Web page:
VIEWS: 14 PAGES: 28 POSTED ON: 11/5/2011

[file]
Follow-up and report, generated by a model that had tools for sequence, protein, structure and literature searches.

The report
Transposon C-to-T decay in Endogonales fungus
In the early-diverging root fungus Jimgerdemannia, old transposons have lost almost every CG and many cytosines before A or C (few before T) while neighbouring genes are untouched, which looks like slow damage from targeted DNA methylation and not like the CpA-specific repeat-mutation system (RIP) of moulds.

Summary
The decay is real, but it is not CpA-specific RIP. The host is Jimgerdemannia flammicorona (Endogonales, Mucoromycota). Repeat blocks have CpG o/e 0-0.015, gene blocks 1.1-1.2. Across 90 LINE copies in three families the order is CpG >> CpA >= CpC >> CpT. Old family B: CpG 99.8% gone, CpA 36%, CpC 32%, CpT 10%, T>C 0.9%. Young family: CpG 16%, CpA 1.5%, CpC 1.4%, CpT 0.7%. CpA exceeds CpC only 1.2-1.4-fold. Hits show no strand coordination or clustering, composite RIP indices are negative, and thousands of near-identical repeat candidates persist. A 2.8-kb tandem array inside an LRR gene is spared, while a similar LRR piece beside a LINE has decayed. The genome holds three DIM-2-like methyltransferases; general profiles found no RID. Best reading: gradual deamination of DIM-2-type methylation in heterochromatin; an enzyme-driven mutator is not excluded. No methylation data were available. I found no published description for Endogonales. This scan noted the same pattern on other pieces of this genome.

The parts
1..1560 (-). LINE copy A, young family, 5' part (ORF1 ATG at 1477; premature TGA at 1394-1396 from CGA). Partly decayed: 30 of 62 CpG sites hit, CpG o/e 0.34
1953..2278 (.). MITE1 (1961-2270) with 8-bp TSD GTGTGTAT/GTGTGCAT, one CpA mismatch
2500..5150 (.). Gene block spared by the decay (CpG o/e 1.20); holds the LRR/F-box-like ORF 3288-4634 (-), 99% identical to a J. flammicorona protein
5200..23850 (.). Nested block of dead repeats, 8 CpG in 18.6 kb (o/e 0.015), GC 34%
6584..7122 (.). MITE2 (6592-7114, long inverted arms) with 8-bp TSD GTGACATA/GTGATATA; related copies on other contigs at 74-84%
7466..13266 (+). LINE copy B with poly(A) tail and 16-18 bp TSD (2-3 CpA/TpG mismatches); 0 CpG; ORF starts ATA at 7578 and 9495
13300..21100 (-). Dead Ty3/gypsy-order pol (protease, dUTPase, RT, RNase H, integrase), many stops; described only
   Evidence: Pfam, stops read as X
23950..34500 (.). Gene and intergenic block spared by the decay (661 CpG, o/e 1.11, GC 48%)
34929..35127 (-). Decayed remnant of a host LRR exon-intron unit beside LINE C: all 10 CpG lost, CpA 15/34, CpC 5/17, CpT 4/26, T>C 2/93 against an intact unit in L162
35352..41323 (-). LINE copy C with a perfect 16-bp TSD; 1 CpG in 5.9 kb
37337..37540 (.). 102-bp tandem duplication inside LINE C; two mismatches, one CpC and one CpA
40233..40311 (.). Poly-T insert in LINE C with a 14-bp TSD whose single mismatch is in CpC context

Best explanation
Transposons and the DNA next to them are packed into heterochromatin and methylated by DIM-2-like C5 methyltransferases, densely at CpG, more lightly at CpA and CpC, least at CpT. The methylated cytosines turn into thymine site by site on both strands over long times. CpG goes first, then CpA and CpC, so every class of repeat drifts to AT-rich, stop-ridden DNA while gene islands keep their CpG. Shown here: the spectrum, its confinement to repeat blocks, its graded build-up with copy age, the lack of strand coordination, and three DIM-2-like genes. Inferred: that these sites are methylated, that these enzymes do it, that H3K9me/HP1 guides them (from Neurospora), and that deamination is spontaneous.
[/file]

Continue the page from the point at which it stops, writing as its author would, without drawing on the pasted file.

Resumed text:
SE 2F03 Fall 2005 05 Simple Type Theory Instructor: W. M. Farmer Revised: 22 November 2005 1 Theory-Oriented vs. Practice-Oriented Logics • Most traditional logics are theory oriented: they are designed to be studied and used in theory only. – Examples: First-order logic, Zermelo-Fraenkel set theory. • A practice-oriented logic is intended for actual use in practice by engineers, scientists, mathematicians, and students. – Often are modiﬁcations of traditional logics. – Examples: Versions of Church’s type theory used in the HOL, IMPS, Isabelle, ProofPower, PVS, and TPS systems. • The logic of a mechanized mathematics system needs to be practice oriented. 2 Attributes of a Practice-Oriented Logic • Expressivity • Clarity • Naturalness • Conciseness 3 Issue 1: Conditional Expressions • A conditional expression is an expression whose value depends on speciﬁed conditions. – Example: “If C then v1 else v2.” • Conditional formulas can be expressed using implication and conjunction. – Example: (p(x) ⇒ q(x)) ∧ (¬p(x) ⇒ r(x)). • Conditional terms can be expressed with an if-then-else term constructor or with tables. – Example: if(0 ≤ x, x, −x). – Example: condition value x<0 −x x=0 0 x>0 x 4 Issue 2: Function Abstraction • A function abstraction is an expression that deﬁnes a function from an expression containing variables written formally as λ x . t in computer science and as x → t in mathematics. – Example: λ x . x2. – This is called lambda-notation. • Informal notation for function abstraction in mathematical practice is ambiguous. – Example: f (x) = x2. – Does this example mean the function f is deﬁned as x2 or that the function f applied to x is x2? • Lambda-notation allows functions to be deﬁned directly and unambiguously. – Example: f = (λ x . x2 + x ∗ y + 2 ∗ y). 5 Issue 3: Deﬁnite and Indeﬁnite Description • A deﬁnite description is an expression of the form “the x such that A” written formally as ι x . A. – Example: ι x . 0 ≤ x ∧ x ∗ x = 2. • An indeﬁnite description is an expression of the form “some x such that A” written formally as x . A. – Example: x . x ∗ x = 2. • Deﬁnite descriptions, and to a lesser extent indeﬁnite descriptions, are quite common in mathematical practice, but they often occur in a disguised form. • Improper deﬁnite and indeﬁnite descriptions are undeﬁned. 6 Issue 4: Types • A type is a syntactic object α that denotes a set Dα of values. – α and Dα are often confused with each other. – Types are also called sorts. • Types are used to: – Restrict the scope of variables. – Control the formation of expressions. – Organize values. – Classify expressions by their values. • In mathematical practice, types are informal and used mainly for restricting the scope of variables. • There is a wide range of type systems. • Types are also sometimes used as “mini-speciﬁcations”. 7 Issue 5: Higher-Order Values • A higher-order value is a value constructed from other values. – Examples: Sets, functions, relations, tuples, sequences, and algebras. – A practice-oriented logic needs to support reasoning with high-order values including quantiﬁcation over higher-order values. • A higher-order value may be constructed from values of the same kind. – Examples: A set of sets, a function that maps functions to functions, a relation between relations. • A function f : A × B → C can be represented in three ways: – As a binary function from A and B to C. – As a unary function from A × B to C. – As a curryed function from A to B → C. 8 Issue 6: Undeﬁnedness • A mathematical term is undeﬁned if it has no prescribed meaning or if it denotes a value that does not exist. – Undeﬁned terms are commonplace in mathematics. • Sources of undeﬁnedness: √ 1. Improper function applications: −4. 2. Improper deﬁnite descriptions: “the x such that x2 = 4”. 3. Improper indeﬁnite descriptions: “some x such x2 = −4”. • A practice-oriented logic needs a way of handling undeﬁnedness: – Traditional approach to undeﬁnedness – Unspeciﬁed values – Error values – Ill-formed terms 9 Issue 7: Polymorphism • An operator is polymorphic if it can be applied to expressions of diﬀerent types. • Polymorphic operators are not usually needed in mathematical practice since, by convention, operators can be applied to all expressions (but the applications may be undeﬁned). • A practice-oriented logic needs polymorphic operators in some form: – Type variables. – Macro-abbreviations. – All values are members of a universal class. 10 Issue 8: Syntax as Values • An expression has a two meanings: 1. The value it denotes. 2. Its syntactic construction. • Both meanings are important in mathematics, but the distinction between them is often confused. • A practice-oriented logic needs to be able to reason about both meanings of an expression. 11 What is Simple Type Theory? • A simple, elegant, highly expressive, and practical logic. – Familiar to some computer scientists but not to many mathematicians, engineers, and other scientists. – Also known as higher-order logic. • Most popular form of type theory. – Types are used to classify expressions by value and control the formation of expressions. – Classical: nonconstructive, 2-valued. – Higher order: quantiﬁcation over functions. – Can be viewed as a “function theory”. • Natural extension of ﬁrst-order logic. – Based on the same principles as ﬁrst-order logic. – Includes nth-order logic for all n ≥ 1. 12 Some Versions of Simple Type Theory • Church’s type theory is a version of simple type theory with lambda-notation introduced by A. Church in 1940. • STT is a very simple version of Church’s type theory. – Addresses issues 1,2,3,4,5. • BESTT is a more practical version of Church’s type theory with type variables and support for reasoning with tuples, lists, and sets. – Addresses issues 1,2,3,4,5,6,7. 13 References 1. P. B. Andrews, An Introduction to Mathematical Logic and Type Theory: To Truth through Proof, Second Edition, Kluwer, 2002. 2. A. Church, “A formulation of the simple theory of types”, Journal of Symbolic Logic 5: 56–68, 1940. 3. W. Farmer, “The seven virtues of simple type theory”, SQRL Report No. 18, 30 pp., McMaster University, 2003 (revised 2005). 4. W. Farmer,“A basic extended simple type theory”, SQRL Report No. 14, 12 pp., McMaster University, 2003 (revised 2004). 14 Syntax of STT: Types • A type of STT is deﬁned by the following rules: T1 (Type of individuals) type[ι] T2 (Type of truth values) type[∗] type[α], type[β] T3 (Function type) type[(α → β)] • Let T denote the set of types of STT. 15 Syntax of STT: Symbols • The logical symbols of STT are: – Function application: @ (hidden). – Function abstraction: λ. – Equality: =. – Deﬁnite description: I (capital iota). – An inﬁnite set V of symbols called variables. • A language of STT is a pair L = (C, τ ) where: – C is a set of symbols called constants. – τ : C → T is a total function. 16 Syntax of STT: Expressions • An expression E of type α of a STT language L = (C, τ ) is deﬁned by the following rules: x ∈ V, type[α] E1 (Variable) exprL[(x : α), α] c∈C E2 (Constant) exprL[c, τ (c)] exprL[A, α], exprL[F, (α → β)] E3 (Application) exprL[F (A), β] x ∈ V, type[α], exprL[B, β] E4 (Abstraction) exprL[(λ x : α . B), (α → β)] exprL[E1, α], exprL[E2, α] E5 (Equality) exprL[(E1 = E2), ∗] x ∈ V, type[α], exprL[A, ∗] E6 (Deﬁnite description) exprL[(I x : α . A), α] 17 Syntax of STT: Conventions • Eα denotes an expression E of type α. • Parentheses and the types of variables may be dropped when meaning is not lost. 18 Semantics of STT: Standard Models • A standard model for a language L = (C, τ ) of STT is a triple M = (D, I, e) where: – D = {Dα : α ∈ T } is a set of nonempty domains (sets). – D∗ = {t, f}, the domain of truth values. – Dα→β is the set of all functions from Dα to Dβ . – I maps each c ∈ C to an element of Dτ (c). – e maps each α ∈ T to a member of Dα. • A variable assignment into M is a function that maps each expression (x : α) to an element of Dα. • Given a variable assignment ϕ into M , an expression (x : α), and d ∈ Dα, let ϕ[(x : α) → d] be the variable assignment ϕ into M such that ϕ ((x : α)) = d and ϕ (v) = ϕ(v) for all v = (x : α). 19 Semantics of STT: Valuation Function The valuation function for a standard model M = (D, I, e) for a language L = (C, τ ) of STT is the binary function V M that satisﬁes the following conditions for all variable assignments ϕ into M and all expressions E of L: M 1. Let E is (x : α). Then Vϕ (E) = ϕ((x : α)). M 2. Let E ∈ C. Then Vϕ (E) = I(E). M M M 3. Let E be F (A). Then Vϕ (E) = Vϕ (F )(Vϕ (A)). M 4. Let E be (λ x : α . Bβ ). Then Vϕ (E) is the f : Dα → Dβ M such that, for each d ∈ Dα, f (d) = Vϕ[(x:α)→d](Bβ ). M M M 5. Let E be (E1 = E2). If Vϕ (E1) = Vϕ (E2), then Vϕ (E) = M t; otherwise Vϕ (E) = f. 6. Let E be (I x : α . A). If there is a unique d ∈ Dα such that M M M Vϕ[(x:α)→d](A) = t, then Vϕ (E) = d; otherwise Vϕ (E) = e(α). 20 Abbreviations T means (λ x : ∗ . x) = (λ x : ∗ . x). F means (λ x : ∗ . T) = (λ x : ∗ . x). (¬A∗) means A∗ = F. (Aα = Bα) means ¬(Aα = Bα). (A∗ ∧ B∗) means (λ f : ∗ → (∗ → ∗) . f (T)(T)) = (λ f : ∗ → (∗ → ∗) . f (A∗)(B∗)). (A∗ ∨ B∗) means ¬(¬A∗ ∧ ¬B∗). (A∗ ⇒ B∗) means ¬A∗ ∨ B∗. (A∗ ⇔ B∗) means A∗ = B∗. (∀ x : α . A∗) means (λ x : α . A∗) = (λ x : α . T). (∃ x : α . A∗) means ¬(∀ x : α . ¬A∗). ⊥α means I x : α . x = x. if(A∗, Bα, Cα) means I x : α . (A∗ ⇒ x = Bα) ∧ (¬A∗ ⇒ x = Cα) where x does not occur in A∗, Bα, or Cα. 21 Expressivity • Theorem. There is a faithful interpretation of nth-order logic in STT for all n ≥ 1. • Most mathematical notions can be directly and naturally expressed in STT. • Examples: equiv-rel = λ p : (ι → (ι → ∗)) . ∀ x : ι . p(x)(x) ∧ ∀ x, y : ι . p(x)(y) ⇒ p(y)(x) ∧ ∀ x, y, z : ι . (p(x)(y) ∧ p(y)(z)) ⇒ p(x)(z) compose = λ f : (ι → ι) . λ g : (ι → ι) . λ x : ι . f (g(x)) inv-image = λ f : (ι → ι) . λ s : (ι → ∗) . I s : (ι → ∗) . ∀ x : ι . s (x) ⇔ s(f (x)) 22 Peano Arithmetic • Let PA = (L, Γ) be the theory of STT such that: L = ({0, S}, τ ) where τ (0) = ι and τ (S) = ι → ι. Γ is the set of the following three formulas: 1. 0 has no predecessor: ∀ x : ι . 0 = S(x). 2. S is injective: ∀ x, y : ι . S(x) = S(y) ⇒ x = y. 3. Induction principle: ∀P : ι → ∗ . P (0) ∧ (∀ x : ι . P (x) ⇒ P (S(x))) ⇒ ∀ x : ι . P (x). • Theorem (Dedekind, 1888). PA has (up to isomorphism) a unique standard model M = (D, I, e) where Dι = {0, 1, 2, . . .}. 23 Incompleteness of STT Theorem. There is no sound and complete proof system for STT. Proof. Suppose P is a sound and complete proof system o for STT. By the soundness of P and G¨del’s Incom- pleteness Theorem, there is a sentence A such that (1) M |= A, where M is the unique standard model for PA (up to isomorphism), and (2) PA P A. By the completeness of P, (2) implies PA |= A and hence M |= A since M is the only standard model of PA, which contradicts (1). 2 24 A Proof System for STT (1) • Axioms: A1 (Truth Values) ∀ f : ∗ → ∗ . (f (T∗) ∧ f (F∗)) ⇔ (∀ x : ∗ . f (x)). A2 (Leibniz’ Law) ∀ x, y : α . (x = y) ⇒ (∀ p : α → ∗ . p(x) ⇔ p(y)). A3 (Extensionality) ∀ f, g : α → β . (f = g) = (∀ x : α . f (x) = g(x)). A4 (Beta-Reduction) (λ x : α . Bβ )(Aα) = Bβ [x → Aα] provided Aα is free for x in Bβ . A5 (Proper Deﬁnite Description) (∃ ! x : α . A) ⇒ A[(x : α) → (I x : α . A)]. A6 (Improper Deﬁnite Description) ¬(∃ ! x : α . A) ⇒ (I x : α . A) = ⊥α. 25 A Proof System for STT (2) • Rule of inference: R (Equality Substitution) From Aα = Bα and C∗ infer the result of replacing one occurrence of Aα in C∗ by an occurrence of Bα. • Call this proof system A. – Due to Andrews, 1963. • Theorem (Jensen, 1969). A plus an axiom of inﬁnity is equiconsistent with bounded Zermelo set theory. 26 Ways of Making STT More Practical • Make the logic many-sorted by allowing several types of individuals, e.g., ι1, . . . , ιn. • Add machinery for basic mathematical objects such as sets, tuples, and lists. • Admit polymorphic operators like (λ x : t . x) by introducing type variables. • Enrich the type system of STT with new machinery such as subtypes, dependent types, and user-deﬁned type constructors. • Modify the semantics of STT to include partial functions and undeﬁned expressions. 27 Conclusion • Simple type theory is a logic that is eﬀective for practice as well as theory—unlike ﬁrst-order logic. – More expressive and more convenient. – Closer to mathematical practice. – Based on the same principles as ﬁrst-order logic. – Includes the full machinery of ﬁrst-order logic. – Integrates predicate logic, function theory, and type theory. • We recommend that simple type theory be incorporated into: – Logic courses oﬀered by mathematics departments. – The undergraduate curriculum for computer science and software engineering students. 28